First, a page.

New York Times columnist thinks we should be more like Europe

New York Times columnist thinks we should be more like Europe
AP Photo/Jae C. Hong

The United States is very different than Europe. There are vast gulfs between us, even if we are all generally high-income nations. In fact, that one similarity is rather superficial compared to the significant differences between even us and the United Kingdom, which we broke off from nearly 250 years ago.

But for David Brooks of the New York Times, well, those differences just don’t exist save for one. Gun control.

And on that, we should totally be more like Europe.

While discussing red flag laws and enacting more strict gun control policies, Brooks said he would be willing to give up some personal freedoms for what he hopes would be a more safe society.

“That would take a gigantic culture shift in this country. A revamping of the way we think about privacy, a revamping of the way we think about the role government plays in protecting the common good,” Brooks said during a segment on PBS’ “Newshour.”

“I think it would be something. I think would be good not only to head off shootings, but good to live in a society where we cared more intimately about each other. And I would be willing to give up certain privacies for that to happen,” Brooks said. “But for many Americans that would just be a massive cultural shift to regard our community and regard our common good in more frankly a European style. I think it would benefit our society in a whole range of areas, but it’s hard to see that kind of culture change to a society that’s been pretty individualistic for a long, long time.”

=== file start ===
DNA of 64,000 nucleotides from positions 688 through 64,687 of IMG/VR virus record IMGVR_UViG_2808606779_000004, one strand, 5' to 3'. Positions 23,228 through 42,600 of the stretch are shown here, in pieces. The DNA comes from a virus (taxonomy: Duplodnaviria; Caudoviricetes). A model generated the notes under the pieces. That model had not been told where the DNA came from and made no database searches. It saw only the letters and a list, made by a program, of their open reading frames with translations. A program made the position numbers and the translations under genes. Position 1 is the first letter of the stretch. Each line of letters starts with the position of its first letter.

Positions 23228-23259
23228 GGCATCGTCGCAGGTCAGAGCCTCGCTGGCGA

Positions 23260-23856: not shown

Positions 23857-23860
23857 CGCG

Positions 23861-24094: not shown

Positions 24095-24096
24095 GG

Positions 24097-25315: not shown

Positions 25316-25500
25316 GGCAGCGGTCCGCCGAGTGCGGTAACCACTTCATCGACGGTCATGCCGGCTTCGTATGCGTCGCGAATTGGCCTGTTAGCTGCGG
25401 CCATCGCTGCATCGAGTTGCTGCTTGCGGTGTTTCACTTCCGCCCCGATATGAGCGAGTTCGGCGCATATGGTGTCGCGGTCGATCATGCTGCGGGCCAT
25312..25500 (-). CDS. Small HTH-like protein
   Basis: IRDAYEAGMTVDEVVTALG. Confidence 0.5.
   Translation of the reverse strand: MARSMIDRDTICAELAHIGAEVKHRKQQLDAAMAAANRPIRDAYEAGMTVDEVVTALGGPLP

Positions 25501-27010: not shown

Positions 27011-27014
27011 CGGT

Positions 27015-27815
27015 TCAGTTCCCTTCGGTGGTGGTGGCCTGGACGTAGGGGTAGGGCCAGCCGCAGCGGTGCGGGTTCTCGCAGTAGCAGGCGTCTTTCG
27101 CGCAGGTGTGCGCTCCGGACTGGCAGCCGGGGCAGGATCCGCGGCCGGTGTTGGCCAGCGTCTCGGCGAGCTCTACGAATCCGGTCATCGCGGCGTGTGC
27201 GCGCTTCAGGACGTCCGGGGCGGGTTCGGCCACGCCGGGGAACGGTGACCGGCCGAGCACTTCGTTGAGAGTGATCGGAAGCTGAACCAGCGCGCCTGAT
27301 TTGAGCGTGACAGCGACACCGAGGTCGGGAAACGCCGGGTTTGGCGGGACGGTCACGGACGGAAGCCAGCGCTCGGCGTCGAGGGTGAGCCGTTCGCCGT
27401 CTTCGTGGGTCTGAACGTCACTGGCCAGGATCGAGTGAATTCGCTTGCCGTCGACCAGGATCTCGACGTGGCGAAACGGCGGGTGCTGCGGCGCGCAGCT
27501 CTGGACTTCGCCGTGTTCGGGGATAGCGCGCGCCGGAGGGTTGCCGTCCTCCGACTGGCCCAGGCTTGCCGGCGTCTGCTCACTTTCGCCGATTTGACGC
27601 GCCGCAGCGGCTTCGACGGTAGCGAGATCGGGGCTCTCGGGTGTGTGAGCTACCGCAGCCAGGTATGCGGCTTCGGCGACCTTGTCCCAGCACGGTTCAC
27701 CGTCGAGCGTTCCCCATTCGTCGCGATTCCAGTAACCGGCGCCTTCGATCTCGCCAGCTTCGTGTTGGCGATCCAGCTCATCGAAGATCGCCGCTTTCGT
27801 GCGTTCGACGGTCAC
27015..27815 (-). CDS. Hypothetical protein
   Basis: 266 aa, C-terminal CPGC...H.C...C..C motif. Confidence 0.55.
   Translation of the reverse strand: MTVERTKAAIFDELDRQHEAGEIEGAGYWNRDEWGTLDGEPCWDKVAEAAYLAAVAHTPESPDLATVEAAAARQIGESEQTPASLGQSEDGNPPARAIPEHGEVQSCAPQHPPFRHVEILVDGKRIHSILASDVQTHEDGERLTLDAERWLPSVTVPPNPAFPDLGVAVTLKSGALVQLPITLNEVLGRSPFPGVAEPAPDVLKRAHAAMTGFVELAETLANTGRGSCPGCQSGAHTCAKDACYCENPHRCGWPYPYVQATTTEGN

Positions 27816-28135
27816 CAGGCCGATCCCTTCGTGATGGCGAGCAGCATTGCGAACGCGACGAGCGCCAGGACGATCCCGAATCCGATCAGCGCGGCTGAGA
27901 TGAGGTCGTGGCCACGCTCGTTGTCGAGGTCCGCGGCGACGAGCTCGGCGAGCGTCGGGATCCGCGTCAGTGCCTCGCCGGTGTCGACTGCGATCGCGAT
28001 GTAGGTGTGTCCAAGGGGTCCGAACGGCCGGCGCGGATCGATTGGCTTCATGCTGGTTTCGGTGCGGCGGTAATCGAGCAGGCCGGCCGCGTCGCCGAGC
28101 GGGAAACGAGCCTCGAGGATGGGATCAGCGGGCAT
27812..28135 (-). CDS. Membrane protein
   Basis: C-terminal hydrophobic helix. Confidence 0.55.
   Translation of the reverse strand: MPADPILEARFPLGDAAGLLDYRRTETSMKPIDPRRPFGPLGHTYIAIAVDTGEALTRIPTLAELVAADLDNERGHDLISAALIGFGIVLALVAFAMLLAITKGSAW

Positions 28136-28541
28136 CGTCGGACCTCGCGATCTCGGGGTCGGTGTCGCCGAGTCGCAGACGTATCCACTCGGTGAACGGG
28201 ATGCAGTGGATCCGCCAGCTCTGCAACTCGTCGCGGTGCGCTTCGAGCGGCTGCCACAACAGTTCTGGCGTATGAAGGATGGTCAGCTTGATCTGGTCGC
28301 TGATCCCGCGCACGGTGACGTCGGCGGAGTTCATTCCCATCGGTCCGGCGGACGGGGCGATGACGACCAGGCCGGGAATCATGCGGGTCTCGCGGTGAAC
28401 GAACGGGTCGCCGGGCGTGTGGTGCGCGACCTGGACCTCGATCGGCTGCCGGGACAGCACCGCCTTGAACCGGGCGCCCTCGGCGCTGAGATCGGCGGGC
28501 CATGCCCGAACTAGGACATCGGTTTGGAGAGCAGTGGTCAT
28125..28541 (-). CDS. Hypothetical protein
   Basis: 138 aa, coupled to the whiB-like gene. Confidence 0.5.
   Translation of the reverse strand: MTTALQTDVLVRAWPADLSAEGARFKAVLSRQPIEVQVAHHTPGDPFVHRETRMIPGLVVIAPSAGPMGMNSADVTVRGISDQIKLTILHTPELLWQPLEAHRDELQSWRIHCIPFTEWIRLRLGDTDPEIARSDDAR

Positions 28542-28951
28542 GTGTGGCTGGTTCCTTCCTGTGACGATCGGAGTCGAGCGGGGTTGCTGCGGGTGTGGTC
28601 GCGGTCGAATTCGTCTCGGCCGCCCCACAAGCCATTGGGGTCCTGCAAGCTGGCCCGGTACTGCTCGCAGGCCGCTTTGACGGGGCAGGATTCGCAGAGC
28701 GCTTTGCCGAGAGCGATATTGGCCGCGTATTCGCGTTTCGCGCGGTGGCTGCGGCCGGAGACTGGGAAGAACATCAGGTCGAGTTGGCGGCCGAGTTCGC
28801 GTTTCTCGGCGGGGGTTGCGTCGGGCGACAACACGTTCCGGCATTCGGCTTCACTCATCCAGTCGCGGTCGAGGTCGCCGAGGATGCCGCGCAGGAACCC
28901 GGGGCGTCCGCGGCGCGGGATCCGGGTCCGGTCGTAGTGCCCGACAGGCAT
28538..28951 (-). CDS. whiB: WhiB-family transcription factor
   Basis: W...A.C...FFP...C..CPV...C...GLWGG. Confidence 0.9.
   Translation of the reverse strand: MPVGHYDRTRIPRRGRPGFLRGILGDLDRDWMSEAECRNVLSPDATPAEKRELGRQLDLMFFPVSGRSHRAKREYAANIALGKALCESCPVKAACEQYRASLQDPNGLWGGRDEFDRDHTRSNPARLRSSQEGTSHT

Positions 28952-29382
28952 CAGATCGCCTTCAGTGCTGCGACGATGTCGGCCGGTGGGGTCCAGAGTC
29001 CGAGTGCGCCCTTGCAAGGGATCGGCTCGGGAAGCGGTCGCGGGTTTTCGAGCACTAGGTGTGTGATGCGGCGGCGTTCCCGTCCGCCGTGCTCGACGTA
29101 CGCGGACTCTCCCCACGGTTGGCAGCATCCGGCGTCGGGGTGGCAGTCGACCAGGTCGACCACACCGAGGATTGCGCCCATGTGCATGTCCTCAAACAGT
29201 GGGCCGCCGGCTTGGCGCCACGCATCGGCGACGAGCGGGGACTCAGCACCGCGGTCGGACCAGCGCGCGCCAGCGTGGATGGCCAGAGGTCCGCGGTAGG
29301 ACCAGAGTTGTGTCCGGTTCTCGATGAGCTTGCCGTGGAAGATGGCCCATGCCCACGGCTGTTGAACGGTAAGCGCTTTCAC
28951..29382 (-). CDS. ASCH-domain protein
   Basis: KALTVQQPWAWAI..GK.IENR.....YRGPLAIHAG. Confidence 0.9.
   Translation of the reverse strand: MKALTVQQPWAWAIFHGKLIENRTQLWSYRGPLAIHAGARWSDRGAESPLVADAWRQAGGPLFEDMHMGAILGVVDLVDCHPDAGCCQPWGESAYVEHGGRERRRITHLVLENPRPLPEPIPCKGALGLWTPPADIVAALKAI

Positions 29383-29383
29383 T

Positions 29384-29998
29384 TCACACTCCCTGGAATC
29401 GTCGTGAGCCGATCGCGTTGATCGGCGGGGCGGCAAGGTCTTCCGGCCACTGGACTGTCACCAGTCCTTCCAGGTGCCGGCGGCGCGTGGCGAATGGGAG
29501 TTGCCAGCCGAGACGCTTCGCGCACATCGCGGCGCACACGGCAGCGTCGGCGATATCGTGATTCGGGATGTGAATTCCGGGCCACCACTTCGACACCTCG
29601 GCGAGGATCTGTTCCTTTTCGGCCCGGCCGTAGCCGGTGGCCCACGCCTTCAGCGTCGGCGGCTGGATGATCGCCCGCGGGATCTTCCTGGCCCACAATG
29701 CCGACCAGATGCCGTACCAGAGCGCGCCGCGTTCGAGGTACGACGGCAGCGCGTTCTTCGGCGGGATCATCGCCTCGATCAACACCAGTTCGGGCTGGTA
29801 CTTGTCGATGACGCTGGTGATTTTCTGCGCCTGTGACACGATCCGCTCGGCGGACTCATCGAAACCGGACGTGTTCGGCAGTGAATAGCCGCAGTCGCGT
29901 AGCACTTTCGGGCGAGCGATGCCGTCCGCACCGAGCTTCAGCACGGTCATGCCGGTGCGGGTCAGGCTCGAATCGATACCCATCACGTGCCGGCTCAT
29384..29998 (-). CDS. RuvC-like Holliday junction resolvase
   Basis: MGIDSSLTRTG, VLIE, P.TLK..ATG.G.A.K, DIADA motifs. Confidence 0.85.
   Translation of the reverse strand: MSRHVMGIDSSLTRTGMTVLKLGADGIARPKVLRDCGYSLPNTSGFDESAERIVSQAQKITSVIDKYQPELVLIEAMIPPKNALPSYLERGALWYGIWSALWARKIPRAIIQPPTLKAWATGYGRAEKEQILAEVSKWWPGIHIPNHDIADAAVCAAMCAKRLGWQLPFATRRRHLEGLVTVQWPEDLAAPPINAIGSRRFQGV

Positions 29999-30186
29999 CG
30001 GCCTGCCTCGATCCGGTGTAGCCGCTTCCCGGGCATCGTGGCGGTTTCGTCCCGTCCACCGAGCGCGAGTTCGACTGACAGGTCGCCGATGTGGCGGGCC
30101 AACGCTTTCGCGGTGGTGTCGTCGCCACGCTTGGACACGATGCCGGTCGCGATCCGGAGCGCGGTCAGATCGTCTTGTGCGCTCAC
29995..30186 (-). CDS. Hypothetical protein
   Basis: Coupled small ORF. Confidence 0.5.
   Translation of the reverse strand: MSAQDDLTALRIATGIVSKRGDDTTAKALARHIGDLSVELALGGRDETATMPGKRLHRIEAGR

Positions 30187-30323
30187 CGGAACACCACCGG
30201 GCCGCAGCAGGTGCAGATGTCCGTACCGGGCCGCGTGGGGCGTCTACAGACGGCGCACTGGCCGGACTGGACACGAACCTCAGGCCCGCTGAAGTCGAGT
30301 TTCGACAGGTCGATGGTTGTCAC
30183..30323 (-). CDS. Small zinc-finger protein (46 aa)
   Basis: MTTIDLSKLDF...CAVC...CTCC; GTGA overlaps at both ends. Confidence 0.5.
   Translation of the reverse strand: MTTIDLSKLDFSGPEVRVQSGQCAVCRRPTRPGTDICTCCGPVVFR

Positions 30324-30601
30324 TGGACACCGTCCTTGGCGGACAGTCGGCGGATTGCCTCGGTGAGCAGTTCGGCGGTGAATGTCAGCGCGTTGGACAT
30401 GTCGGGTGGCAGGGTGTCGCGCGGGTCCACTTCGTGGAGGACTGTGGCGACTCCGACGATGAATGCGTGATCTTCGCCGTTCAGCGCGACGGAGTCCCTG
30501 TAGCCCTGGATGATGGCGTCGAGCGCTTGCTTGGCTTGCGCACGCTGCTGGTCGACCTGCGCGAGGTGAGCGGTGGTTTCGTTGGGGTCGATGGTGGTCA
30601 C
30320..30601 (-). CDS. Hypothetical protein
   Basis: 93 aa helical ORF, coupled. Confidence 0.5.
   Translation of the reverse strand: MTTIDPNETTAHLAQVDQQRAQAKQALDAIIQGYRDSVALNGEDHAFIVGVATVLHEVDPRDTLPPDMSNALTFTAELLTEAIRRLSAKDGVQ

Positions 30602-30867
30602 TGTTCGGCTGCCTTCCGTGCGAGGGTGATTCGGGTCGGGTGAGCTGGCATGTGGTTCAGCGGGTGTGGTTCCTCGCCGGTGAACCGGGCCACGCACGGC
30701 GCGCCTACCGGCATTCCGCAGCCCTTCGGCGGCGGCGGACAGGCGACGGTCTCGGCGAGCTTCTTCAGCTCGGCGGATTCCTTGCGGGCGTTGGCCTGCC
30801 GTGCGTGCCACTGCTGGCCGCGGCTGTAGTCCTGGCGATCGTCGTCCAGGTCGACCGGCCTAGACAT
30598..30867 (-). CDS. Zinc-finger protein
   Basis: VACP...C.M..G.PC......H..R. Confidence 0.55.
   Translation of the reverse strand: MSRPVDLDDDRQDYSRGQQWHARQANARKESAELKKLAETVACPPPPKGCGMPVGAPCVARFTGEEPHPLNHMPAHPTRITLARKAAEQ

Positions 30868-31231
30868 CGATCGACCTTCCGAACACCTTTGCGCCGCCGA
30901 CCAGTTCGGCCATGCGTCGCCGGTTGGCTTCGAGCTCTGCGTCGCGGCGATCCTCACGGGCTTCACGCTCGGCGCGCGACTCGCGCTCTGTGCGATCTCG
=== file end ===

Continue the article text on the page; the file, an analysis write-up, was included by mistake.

Of course, Brooks is just one of the legions that seem to think Europe is somehow superior to the United States.

Now, obviously, I’m biased in favor of the US, but it always annoys me anytime I see an American try to say we should be more like Europe.

First, most people here don’t understand Europe all that much in the first place. Let’s remember that Europe is a continent and has a broad range of history and ideas. This Europe that he talks about people caring more intimately about each other was also the location of attempted genocide in the Balkans not all that long ago.

Yep. That’s some weapons-grade caring, ain’t it?

But what about gun control itself? After all, Europe doesn’t have the problem with mass shootings and violent crime we do, so maybe there’s something to the idea.

That would be wonderful were it not for a few facts, including the fact that even removing the guns, the American homicide rate would still be higher than Europe’s. Why is that? Well, it’s hard to say, in part because the research into homicides generally is too focused on the weapon used in an effort to also push gun control that they never really figure out what causes violent crime in the first place.

However, there are a lot of factors that may play a role. Income, education, and various cultural issues are all leading candidates for driving forces behind violent crime, though I suspect there’s a combination of all of them at work.

Regardless, Europe has a different set of issues than the United States. They’re also generally not bordered by a near-failed state like Mexico that seemingly enjoys serving as a pipeline for drugs and other illicit goods to enter the United States.

The truth is that while Brooks can pine away wishing we were more like Europe, the reality is that even if we all wanted that to happen, it couldn’t, so he should probably get used to disappointment.